Our panel will examine how implicit bias adversely influences the development of women leaders in operations management (OM) and what interventions are needed. Over the past several years, we have led related sessions and open discourse at DSI and POMS describing the fact that OM management loses female talent along their career ladder. Specifically, we provided data showing that female assistant professors, in contrast their male counterparts, woefully lag reaching higher echelons of the rank of full professor and other leadership positions in academia. The situation is even more dire for women of color. Moving forward toward mitigating this situation, our panel will explore one underlying mechanism that is less not well-understood in our field: the role of implicit (or unconscious bias) as an impediment to advancing OM women leaders. We will begin session by defining implicit bias and how it is generally assessed in research and practice. Next, we describe how it touches women in academia, with an emphasis on the operations, supply chain and management science community. It has been shown to affect career decisions made about women faculty over phases of their academic careers–from acceptance into the doctoral program to recruitment to retention and to promotion. It may also play a role in their assigned teaching loads and number of distinct course preparations, their administrative and service assignments and access to research funding. Moreover, women faculty also may also face implicit bias in the classroom (e.g., course rating) and in professional societies. We conclude with a discussion that leads to interventions that address the bias and capture from the audience their concerns and perceived threats. Male colleagues are encouraged to participate as you are deemed critical to the solutions.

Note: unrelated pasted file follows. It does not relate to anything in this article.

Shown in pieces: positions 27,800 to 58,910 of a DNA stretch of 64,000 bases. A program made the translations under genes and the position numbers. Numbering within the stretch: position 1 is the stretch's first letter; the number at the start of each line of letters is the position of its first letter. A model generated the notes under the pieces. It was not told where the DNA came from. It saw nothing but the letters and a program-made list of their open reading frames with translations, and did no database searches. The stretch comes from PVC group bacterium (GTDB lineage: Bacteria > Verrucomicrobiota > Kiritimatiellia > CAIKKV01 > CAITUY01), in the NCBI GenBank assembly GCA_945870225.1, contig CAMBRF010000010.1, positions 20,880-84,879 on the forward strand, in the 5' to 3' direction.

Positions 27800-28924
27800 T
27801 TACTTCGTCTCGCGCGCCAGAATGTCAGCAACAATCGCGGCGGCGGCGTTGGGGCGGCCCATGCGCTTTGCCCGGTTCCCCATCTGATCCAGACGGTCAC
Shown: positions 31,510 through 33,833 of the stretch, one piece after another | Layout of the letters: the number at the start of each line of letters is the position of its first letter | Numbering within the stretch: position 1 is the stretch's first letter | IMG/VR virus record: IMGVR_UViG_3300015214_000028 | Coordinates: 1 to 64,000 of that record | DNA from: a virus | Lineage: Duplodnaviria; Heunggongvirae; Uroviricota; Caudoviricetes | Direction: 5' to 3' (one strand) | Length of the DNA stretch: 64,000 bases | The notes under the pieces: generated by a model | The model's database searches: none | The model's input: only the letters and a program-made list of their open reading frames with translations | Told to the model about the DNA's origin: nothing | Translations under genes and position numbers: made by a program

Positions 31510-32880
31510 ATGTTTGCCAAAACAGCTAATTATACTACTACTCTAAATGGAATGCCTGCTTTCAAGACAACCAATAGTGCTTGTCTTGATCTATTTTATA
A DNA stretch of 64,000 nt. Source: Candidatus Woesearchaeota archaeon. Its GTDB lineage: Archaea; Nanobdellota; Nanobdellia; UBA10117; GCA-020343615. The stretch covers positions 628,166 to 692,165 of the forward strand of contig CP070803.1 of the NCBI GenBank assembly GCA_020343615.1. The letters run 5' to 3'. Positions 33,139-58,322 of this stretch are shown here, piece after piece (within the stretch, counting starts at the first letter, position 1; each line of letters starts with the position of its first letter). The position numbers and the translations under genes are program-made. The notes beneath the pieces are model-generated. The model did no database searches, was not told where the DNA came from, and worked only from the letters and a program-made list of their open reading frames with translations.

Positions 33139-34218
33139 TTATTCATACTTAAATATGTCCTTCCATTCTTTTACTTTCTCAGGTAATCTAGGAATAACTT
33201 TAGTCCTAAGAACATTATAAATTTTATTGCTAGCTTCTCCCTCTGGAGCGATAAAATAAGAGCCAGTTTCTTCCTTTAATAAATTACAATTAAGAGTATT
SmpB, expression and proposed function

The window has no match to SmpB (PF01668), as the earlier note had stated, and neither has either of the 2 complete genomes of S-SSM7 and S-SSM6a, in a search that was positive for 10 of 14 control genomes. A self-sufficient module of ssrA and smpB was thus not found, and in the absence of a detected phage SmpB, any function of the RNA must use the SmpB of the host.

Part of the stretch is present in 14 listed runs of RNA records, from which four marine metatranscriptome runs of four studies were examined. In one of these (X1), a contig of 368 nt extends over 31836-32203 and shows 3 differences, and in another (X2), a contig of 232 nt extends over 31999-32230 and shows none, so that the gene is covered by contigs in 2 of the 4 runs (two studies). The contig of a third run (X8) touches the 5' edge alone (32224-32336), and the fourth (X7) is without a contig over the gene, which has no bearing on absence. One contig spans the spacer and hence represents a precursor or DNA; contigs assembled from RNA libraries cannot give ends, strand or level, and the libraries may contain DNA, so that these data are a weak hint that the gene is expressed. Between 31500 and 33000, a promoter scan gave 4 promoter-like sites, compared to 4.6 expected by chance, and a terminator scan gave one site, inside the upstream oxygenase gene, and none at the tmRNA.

Panelists include: (To Be Announced)
University of Houston